Thanks to Alyson Beecher's Non-Fiction Picture Book Challenge at Kidlit Frenzy, everyone shares wonderful non-fiction picture books. We learn much from authors who are sharing about their own special topics.
I'm taking off Saturday for two weeks on the beach, may probably post again because family doesn't come in till next Wednesday late. I thought it would be a fun thing to save an ocean book for today, anticipating!
With a book by Robert Burleigh and illustrated by Raul Colon, how could it be anything but great? This tells the story of Marie Tharp, whose vision helped her persist in going where no one had ever gone, figuring out how to map the ocean floor.
Even the endpapers excite, ocean covered with a school of fish, as we begin this watery journey. Here's a photo of the title page, with lovely soft colors and that hand, clearly defining Marie's goal!
Through use of the sounding data, Marie slowly "drew" what the ocean floor was like. She remembered the prior love of mapping, used colors Yes, with mountains just like on land. At this same time, the theory of continental drift was hypothesized, and disputed as well. Marie's observations from her map showed a rift between the mountain peaks of what was now named the "Mid-Atlantic Range, proving that something had "pushed" or "pulled" them apart.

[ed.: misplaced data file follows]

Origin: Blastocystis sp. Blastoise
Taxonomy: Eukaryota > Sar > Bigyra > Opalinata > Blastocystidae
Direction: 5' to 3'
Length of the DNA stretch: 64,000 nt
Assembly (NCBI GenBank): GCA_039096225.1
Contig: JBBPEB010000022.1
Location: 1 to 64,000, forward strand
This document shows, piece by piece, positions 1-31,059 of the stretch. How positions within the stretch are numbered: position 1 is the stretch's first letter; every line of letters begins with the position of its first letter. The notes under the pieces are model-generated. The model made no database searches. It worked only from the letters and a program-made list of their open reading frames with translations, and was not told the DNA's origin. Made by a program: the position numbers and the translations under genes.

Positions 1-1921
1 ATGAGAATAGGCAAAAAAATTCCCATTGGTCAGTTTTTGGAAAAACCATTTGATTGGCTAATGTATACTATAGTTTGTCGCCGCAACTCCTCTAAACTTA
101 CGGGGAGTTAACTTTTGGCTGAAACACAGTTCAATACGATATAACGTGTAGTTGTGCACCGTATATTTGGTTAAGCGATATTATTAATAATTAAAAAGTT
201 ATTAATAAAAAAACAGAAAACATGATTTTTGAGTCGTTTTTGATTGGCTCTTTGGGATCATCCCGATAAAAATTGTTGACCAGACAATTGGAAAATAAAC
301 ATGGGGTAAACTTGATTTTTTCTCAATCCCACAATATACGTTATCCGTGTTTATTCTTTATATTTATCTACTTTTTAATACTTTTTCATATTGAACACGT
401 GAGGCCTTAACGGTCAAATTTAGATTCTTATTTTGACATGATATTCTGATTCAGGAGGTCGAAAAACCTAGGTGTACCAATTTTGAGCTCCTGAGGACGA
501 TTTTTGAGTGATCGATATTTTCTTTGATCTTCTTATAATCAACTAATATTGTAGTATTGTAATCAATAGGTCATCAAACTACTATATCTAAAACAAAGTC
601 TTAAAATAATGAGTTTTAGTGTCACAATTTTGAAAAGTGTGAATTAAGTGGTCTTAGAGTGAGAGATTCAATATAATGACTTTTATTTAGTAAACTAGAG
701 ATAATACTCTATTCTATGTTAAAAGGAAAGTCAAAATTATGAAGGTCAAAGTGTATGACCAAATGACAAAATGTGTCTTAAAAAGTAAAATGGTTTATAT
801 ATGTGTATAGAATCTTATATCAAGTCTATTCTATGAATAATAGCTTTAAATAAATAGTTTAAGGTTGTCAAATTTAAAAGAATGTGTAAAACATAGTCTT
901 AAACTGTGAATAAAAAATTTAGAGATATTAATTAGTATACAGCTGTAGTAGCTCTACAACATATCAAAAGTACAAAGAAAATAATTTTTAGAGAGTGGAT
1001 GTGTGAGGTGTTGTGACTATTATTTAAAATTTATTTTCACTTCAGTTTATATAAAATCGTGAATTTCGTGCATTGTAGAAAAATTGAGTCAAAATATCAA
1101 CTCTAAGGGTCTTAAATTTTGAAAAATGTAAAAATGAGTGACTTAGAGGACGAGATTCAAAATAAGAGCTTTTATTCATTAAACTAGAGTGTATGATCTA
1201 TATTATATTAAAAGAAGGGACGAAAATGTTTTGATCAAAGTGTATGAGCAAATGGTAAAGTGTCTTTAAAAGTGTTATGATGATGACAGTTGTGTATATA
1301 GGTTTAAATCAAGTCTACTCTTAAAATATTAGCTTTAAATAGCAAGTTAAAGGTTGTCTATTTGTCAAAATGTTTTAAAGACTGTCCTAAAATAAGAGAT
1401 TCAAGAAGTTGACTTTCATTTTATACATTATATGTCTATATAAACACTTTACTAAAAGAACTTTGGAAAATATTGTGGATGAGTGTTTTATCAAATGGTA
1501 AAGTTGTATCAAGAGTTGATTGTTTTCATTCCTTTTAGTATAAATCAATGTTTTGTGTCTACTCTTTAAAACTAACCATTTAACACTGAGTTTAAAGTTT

It's a fascinating story, with beautifully illustrated pages showing Marie's work, and the beautiful ocean that, until her work, was less understood. There is additional information about Marie Tharp, a glossary, a bibliography and a short essay about "wondering". Wondering questions then searching for answers is how Marie started thinking about the ocean, and this piece challenges the reader to do that too. Make maps, take your own soundings, and more. For those studying anything, this is an inspiration in persistence, keep questioning!